On a side note, rafale.bmp compresses a little better without the delta filter. I will probably raise the threshold on the next regular release so that delta filtering is only used if the order 0 entropy with delta filtering is a minimum of 5% less than the order 0 entropy without delta filtering.
    Attached Files Attached Files

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    Quote Originally Posted by Sportman View Post
    I get crash by decode (also crash by v0.1):

    Unhandled exception at 0x000000000040854F in GLZAdecode.exe: 0xC0000005: Access violation writing location 0x000000007F66E14D.

    000000000040854F mov byte ptr [rcx+r8],dil
    A little more information would be helpful. Is this happening with one of your log files? If so, can you post the first few lines and last few lines output by GLZAcompress and the output of GLZAencode? Otherwise, a link to the file would be very helpful.

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    GLZA v.0.2a on MCB [test on Intel Core i7 920 2.66 GHZ 6GB RAM]

    name=C:\test\A10.jpg 842468->836497
    name=C:\test\AcroRd32.exe 3870784->1549148
    name=C:\test\english.dic 4067439->937452
    name=C:\test\FlashMX.pdf 4526946->3752588
    name=C:\test\FP.LOG 20617071->529846
    name=C:\test\MSO97.DLL 3782416->1881712
    name=C:\test\ohs.doc 4168192->824363
    name=C:\test\rafale.bmp 4149414->1070173
    name=C:\test\vcfiu.hlp 4121418->690986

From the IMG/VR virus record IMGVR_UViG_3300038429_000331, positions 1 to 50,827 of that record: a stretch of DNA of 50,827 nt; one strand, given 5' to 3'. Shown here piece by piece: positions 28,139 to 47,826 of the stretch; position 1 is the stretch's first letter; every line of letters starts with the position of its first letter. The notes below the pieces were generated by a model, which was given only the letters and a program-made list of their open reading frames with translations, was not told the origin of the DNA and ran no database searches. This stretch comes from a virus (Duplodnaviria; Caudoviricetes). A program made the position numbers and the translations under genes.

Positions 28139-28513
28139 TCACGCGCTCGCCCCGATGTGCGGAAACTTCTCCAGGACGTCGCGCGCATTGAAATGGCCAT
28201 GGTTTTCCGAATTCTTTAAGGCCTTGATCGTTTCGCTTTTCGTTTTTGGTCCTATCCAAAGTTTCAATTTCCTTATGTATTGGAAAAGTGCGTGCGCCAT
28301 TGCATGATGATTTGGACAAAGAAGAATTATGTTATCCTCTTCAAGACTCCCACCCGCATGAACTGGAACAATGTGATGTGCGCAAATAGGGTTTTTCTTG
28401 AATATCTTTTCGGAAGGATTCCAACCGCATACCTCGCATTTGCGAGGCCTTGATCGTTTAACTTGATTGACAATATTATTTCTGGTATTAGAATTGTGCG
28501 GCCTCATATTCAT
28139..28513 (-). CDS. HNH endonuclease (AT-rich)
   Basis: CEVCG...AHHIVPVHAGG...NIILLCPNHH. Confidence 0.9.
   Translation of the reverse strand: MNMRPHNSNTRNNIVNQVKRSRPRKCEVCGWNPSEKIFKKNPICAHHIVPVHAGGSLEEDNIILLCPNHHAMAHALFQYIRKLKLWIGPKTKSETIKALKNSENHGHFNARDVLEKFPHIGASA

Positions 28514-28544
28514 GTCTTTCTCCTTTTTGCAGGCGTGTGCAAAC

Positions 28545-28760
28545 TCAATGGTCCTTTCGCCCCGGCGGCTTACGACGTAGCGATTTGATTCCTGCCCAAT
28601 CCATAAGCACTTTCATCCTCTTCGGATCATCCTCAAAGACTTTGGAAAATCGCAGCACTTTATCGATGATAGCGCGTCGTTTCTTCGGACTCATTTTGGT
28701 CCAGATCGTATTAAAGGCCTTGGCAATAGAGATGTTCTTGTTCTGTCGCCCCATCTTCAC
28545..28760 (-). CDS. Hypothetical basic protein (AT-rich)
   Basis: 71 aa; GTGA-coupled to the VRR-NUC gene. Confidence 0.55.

name=C:\test\world95.txt 2988578->503359
    number of files=10 original=53134726 compressed=12576124 ENC=489.7820129395 sec. DEC=2.7069999218 sec. ?

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    Quote Originally Posted by Nania Francesco View Post
    DEC=2.7069999218 sec. ?
    That's considerably worse than I expected, but I didn't think about it too much. I get a similar time increase, from 588 msec to 1322 msec. The text files are taking 30% - 50% longer but the binary files except rafale.bmp are taking 100% - 300% longer. The worst one is FlashMX.pdf, which is the biggest compressed file and is taking 468 msec vs. 124 msec. I suspect the problem is that on average, it is taking considerable time to calculating and check ranges for the 256 possible starting characters in the model since the probabilities may be fairly evenly distributed.

    I am kind of new to modeling, so I'm not exactly sure what would be best. The files where this is the biggest speed problem are also the ones where the model helps the least, so maybe an option to disable the model and encode like v0.1 would be best. The other options I can think of that might help would be to model bits or nibbles instead of bytes or to have a binary tree for finding the symbol from the range code.